Punjab CM aims to familiarise young boys and girls of Punjabi origin with their heritage and history.
An imaginative programme, “Connect with your Roots”, was launched by the Chief Minister of Punjab, Captain Amarinder Singh in London on 13 September 2017. The then High Commissioner of India to the UK, Y.K. Sinha also joined the launch function.
What is the objective of the programme? I asked Rahul Bhandhari, Secretary of the Non Resident Indian Affairs Ministry of the Government of Punjab. The primary aim was to foster emotional and cultural links between young boys and girls, aged between 16-23, of Punjabi origin and to familiarise them with their heritage, history and traditions, both secular and religious. Also to wean them away from individuals, groups and organisations which are keen to feed these impressible young boys and girls with political, religious and economic falsehood, about Punjab.
The selection process is through website and through Indian diplomatic establishments abroad. Co-ordinators are appointed for this undertaking. They visit local high schools and colleges. Also through access to universities, Sikh societies and gurudwaras who support the programme.
The programme has aroused considerable interest in the UK.
I was present when the Chief Minister spoke to the 2019 group in his office.
He did not lecture them or talk down to them. He asked them what they had seen and what impression they had formed. In the 2019 batch were 17 students, ten boys and seven girls, spending ten days in Punjab visiting more than a dozen places and institutions, historic monuments, Harmandir Sahib, Jallianwala Bagh, Wagah border, Anandpur Sahib, War Memorial, Amritsar, Bhagat Singh Memorial at Bangra. Short trips to the Punjab Vidhan Sabha, Punjab Civil Secretariat and the Punjab and Haryana High Court were also scheduled.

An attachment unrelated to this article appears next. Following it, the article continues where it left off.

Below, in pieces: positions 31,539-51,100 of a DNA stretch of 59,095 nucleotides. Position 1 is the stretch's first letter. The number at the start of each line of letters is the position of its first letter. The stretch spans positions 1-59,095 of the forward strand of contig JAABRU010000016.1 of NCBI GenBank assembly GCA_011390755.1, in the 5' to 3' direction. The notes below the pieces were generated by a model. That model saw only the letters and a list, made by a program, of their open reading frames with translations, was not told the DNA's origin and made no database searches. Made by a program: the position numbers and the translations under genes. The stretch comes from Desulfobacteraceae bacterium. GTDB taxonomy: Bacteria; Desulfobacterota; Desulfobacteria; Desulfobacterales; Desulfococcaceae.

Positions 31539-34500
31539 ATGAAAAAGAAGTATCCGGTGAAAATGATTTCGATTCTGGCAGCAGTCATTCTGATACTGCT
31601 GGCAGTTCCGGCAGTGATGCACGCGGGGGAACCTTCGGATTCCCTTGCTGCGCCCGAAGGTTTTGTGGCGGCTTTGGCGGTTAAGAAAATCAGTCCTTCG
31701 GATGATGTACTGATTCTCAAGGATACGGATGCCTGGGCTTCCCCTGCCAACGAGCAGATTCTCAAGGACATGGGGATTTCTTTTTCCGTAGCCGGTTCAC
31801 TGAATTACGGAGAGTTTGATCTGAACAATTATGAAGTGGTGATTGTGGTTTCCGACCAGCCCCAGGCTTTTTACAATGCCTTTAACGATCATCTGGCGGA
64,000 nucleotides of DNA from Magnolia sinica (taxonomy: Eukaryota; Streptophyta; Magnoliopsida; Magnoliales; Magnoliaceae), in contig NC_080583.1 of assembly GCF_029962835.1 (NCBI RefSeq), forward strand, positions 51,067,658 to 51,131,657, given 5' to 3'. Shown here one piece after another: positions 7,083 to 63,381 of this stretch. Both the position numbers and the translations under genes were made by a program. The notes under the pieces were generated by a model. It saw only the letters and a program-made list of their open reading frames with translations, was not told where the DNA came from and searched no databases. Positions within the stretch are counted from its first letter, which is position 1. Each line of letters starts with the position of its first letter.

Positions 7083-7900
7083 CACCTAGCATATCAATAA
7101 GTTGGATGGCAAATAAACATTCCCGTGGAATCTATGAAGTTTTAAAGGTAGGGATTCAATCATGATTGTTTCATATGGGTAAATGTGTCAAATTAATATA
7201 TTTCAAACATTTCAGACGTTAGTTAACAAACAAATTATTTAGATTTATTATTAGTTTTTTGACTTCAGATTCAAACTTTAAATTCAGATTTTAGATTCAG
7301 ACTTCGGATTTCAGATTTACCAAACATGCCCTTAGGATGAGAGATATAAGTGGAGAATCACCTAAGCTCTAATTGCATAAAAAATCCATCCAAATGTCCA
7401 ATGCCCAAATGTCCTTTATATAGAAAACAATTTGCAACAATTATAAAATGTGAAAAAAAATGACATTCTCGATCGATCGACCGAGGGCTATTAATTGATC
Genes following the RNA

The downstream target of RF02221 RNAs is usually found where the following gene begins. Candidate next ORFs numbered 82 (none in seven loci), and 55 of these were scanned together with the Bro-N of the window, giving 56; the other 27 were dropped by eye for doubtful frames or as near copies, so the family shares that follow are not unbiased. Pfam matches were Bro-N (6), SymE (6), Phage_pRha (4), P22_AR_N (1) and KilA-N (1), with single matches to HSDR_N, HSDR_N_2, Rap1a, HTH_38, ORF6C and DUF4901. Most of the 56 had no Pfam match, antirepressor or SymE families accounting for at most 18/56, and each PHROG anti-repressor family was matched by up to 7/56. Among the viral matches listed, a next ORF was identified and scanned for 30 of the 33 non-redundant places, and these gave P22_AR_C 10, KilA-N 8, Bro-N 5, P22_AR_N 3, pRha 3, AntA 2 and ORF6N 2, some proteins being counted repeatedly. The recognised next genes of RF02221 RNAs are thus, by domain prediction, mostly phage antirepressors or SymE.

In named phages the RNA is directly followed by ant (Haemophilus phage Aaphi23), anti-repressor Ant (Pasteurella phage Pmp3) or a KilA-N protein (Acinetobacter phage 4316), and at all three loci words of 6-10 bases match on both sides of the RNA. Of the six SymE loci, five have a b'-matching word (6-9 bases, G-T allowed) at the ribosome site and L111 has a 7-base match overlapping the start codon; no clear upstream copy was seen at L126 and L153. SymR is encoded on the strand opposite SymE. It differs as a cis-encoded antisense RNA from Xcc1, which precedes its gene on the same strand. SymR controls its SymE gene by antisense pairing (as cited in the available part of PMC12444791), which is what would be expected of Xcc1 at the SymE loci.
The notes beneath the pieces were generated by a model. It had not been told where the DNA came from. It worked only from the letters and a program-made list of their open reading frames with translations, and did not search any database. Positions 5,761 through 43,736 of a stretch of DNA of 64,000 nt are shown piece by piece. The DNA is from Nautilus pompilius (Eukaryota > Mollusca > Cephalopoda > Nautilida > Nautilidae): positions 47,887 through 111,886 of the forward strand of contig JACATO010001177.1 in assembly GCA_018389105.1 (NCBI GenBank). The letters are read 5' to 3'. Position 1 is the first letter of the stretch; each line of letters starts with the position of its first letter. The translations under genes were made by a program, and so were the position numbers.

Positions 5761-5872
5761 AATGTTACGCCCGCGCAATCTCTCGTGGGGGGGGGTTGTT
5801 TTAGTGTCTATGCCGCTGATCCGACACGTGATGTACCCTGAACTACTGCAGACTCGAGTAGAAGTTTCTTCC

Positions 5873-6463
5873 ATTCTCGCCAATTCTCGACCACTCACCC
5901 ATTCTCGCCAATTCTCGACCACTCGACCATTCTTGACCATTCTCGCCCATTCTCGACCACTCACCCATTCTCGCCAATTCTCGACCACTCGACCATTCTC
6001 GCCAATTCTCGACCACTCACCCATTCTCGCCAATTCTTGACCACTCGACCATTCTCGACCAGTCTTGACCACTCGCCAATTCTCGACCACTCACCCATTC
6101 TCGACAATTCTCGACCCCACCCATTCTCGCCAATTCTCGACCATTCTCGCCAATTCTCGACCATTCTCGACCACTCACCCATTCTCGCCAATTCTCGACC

Several students asked about the suicides of farmers, the drug menace and joblessness. They had obviously been fed false facts to prejudice their young and innocent minds. They had been much impressed by the peace and tranquillity that they witnessed. Before embarking on their trip their awareness of the ground realities was quite different, i.e. that law and order was an enduring and out of control problem and so on.
The Chief Minister’s disarming candour and avuncular responses to their questions deeply impressed his youthful audience.
What gladdened my heart was their not being overawed by the Chief Minister. Each question was well phrased, well thought through. Light heartedness was not absent.
The Chief Minister and the Government of Punjab are to be congratulated for introducing so constructive and original a programme. The students return better informed, emotionally affected. The government too learns a thing or two from these youngsters and becomes aware of their ambitions, urges and nostalgia for the Punjab.
I wish other states would follow the example of the Punjab by starting similar programmes.
Earlier this week one of the world’s most well-known architectural marvels, Notre Dame De Paris, Our Lady of Paris was massively damaged by a horrific fire which took 13 hours to put out. The Gothic cathedral is over 800 years old. It is one of the most visible religious monuments in the western world. The Arc de Triomphe was erected by Napoleon in the first decade of the 19th century. The Eiffel Tower in 1888.
French President Emmanuel Macron has announced that the Cathedral sitting on a small island on the Seine would be restored in five years. This may be confusing hope with reality.
I first learnt of the existence of Notre Dame on seeing the film, The Hunchback of Notre Dame based on Victor Hugo’s novel. The lead role was played Charles Laughton.
I have been to Paris several times and walked passed Notre Dame on each visit. Only once I have been inside it. I accompanied Indira Gandhi to Paris on 10 December 1970. She was to attend the memorial service for President Charles de Gaulle on 12 December at the Cathedral. Many Heads of State and Government attended the service as they did Winston Churchill’s funeral in 1965. I was dazzled by the splendour of the interior, as I had been awed by the exterior. That the Cathedral suffered such damage during, what the Christians call the Holy Week is a strange and melancholy irony.